Pregnancy Discrimination Act

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The Pregnancy Discrimination Act of 1978 is a United States federal statute. It amended Title VII of the Civil Rights Act of 1964 to "prohibit sex discrimination on the basis of pregnancy."[1]

The Act covers discrimination "on the basis of pregnancy, childbirth, or related medical conditions." The pregnancy must be deemed as a normal, objectifiable condition, for that to be enacted. Employers with less than 15 employees are exempted from the Act. [2][3] Employers are exempt from providing medical coverage for elective abortions, unless the mother's life is threatened, but are required to provide disability and sick leave for women who are recovering from an abortion.[4]

The law was passed as a direct response to a United States Supreme Court decision in General Electric Company v. Gilbert, which held that pregnancy discrimination was not a form of sex discrimination under the Civil Rights Act of 1964.[5]

In March 2015, the Supreme Court of the United States' decision in Young v. United Parcel Service, Inc. provided additional clarity on whether and when employers are required to provide work-related accommodations to pregnant employees.[6] The lawsuit stemmed from United Parcel Service's refusal to accommodate a 20-pound lifting restriction of a driver during her pregnancy. Because Ms. Young could not lift the required 70 pounds for drivers, UPS did not allow her to work. Ms. Young provided evidence that a number of employees received accommodations while suffering similar or more serious disabilities. According to the testimony of one UPS employee, the only time a light duty request seemed to become an issue occurred when the request was made by a pregnant employee.[7] The Court held that a pregnant employee can make a prima facie, meaning a plausible case of discrimination, by showing that “she belongs to the protected class, that she sought accommodation, that the employer did not accommodate her. The Court further held that a plaintiff can meet a summary judgement standard "by providing evidence that the employer accommodates a large percentage of nonpregnant workers while failing to accommodate a large percentage of pregnant workers."[8]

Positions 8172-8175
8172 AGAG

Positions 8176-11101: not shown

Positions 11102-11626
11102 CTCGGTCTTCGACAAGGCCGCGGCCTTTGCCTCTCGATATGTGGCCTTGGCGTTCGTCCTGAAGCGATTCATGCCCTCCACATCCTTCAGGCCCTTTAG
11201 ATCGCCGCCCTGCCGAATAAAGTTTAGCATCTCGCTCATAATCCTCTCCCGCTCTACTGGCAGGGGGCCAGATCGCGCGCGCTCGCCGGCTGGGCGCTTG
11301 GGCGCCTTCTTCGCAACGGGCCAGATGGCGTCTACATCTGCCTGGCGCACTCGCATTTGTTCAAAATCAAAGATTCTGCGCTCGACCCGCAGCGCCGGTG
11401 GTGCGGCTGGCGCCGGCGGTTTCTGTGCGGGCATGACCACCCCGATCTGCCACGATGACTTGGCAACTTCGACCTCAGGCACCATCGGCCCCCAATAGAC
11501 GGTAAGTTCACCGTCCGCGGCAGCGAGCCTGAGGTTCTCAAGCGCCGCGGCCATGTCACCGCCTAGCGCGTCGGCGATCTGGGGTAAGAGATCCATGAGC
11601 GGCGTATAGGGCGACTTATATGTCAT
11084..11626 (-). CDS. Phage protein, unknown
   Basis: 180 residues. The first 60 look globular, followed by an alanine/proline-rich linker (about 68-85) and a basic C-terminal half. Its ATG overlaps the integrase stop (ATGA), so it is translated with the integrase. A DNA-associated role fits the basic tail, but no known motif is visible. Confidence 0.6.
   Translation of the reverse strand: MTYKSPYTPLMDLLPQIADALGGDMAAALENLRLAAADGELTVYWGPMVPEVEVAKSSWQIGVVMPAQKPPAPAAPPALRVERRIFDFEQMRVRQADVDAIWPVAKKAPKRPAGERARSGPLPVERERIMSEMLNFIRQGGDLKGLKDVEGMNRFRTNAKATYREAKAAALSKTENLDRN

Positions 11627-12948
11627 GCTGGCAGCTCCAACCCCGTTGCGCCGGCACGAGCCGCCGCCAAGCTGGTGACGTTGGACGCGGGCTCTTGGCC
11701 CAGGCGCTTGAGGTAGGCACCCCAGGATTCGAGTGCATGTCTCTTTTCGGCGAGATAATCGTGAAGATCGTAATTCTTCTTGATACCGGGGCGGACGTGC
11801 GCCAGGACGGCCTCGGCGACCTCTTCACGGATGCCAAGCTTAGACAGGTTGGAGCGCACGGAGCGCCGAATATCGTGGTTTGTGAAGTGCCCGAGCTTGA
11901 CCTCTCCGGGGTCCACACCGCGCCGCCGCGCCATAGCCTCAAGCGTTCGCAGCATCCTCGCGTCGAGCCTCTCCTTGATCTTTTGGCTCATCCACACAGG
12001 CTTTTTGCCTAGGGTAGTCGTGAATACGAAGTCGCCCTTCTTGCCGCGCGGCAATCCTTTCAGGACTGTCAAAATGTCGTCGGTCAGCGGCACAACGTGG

See also[edit]


  1. ^ Text of the Act from the United States Equal Employment Opportunity Commission
  2. ^ Facts About Pregnancy Discrimination from the U.S. Equal Employment Opportunity Commission
  3. ^ Pregnancy Discrimination from the U.S. Equal Employment Opportunity Commission
  4. ^ Congress and the Nation, s.vv. “1798,” “Pregnancy Disability.” Vol. V, 1977-1980, p. 797
  5. ^ "Forceps Delivery: The Supreme Court Narrowly Saves the Pregnancy Discrimination Act in Young v. UPS". Retrieved 2015-04-05. 
  6. ^ Chin, Michael (27 March 2015). "Supreme Court Vacates Employer Victory in Pregnancy Discrimination Case". The National Law Review. Retrieved 25 April 2015. 
  7. ^ Leonoro, Joesph (2 April 2015). "U.S. Supreme Court Tackles Pregnancy Discrimination in the Workplace". The National Law Review. Retrieved 25 April 2015. 
  8. ^ Johnson, Brandon. "Pregnancy Discrimination Claims after Young v. UPS". McBrayer Employment Law. McBrayer, McGinnis, Leslie & Kirkland, PLLC. Retrieved 25 April 2015. 

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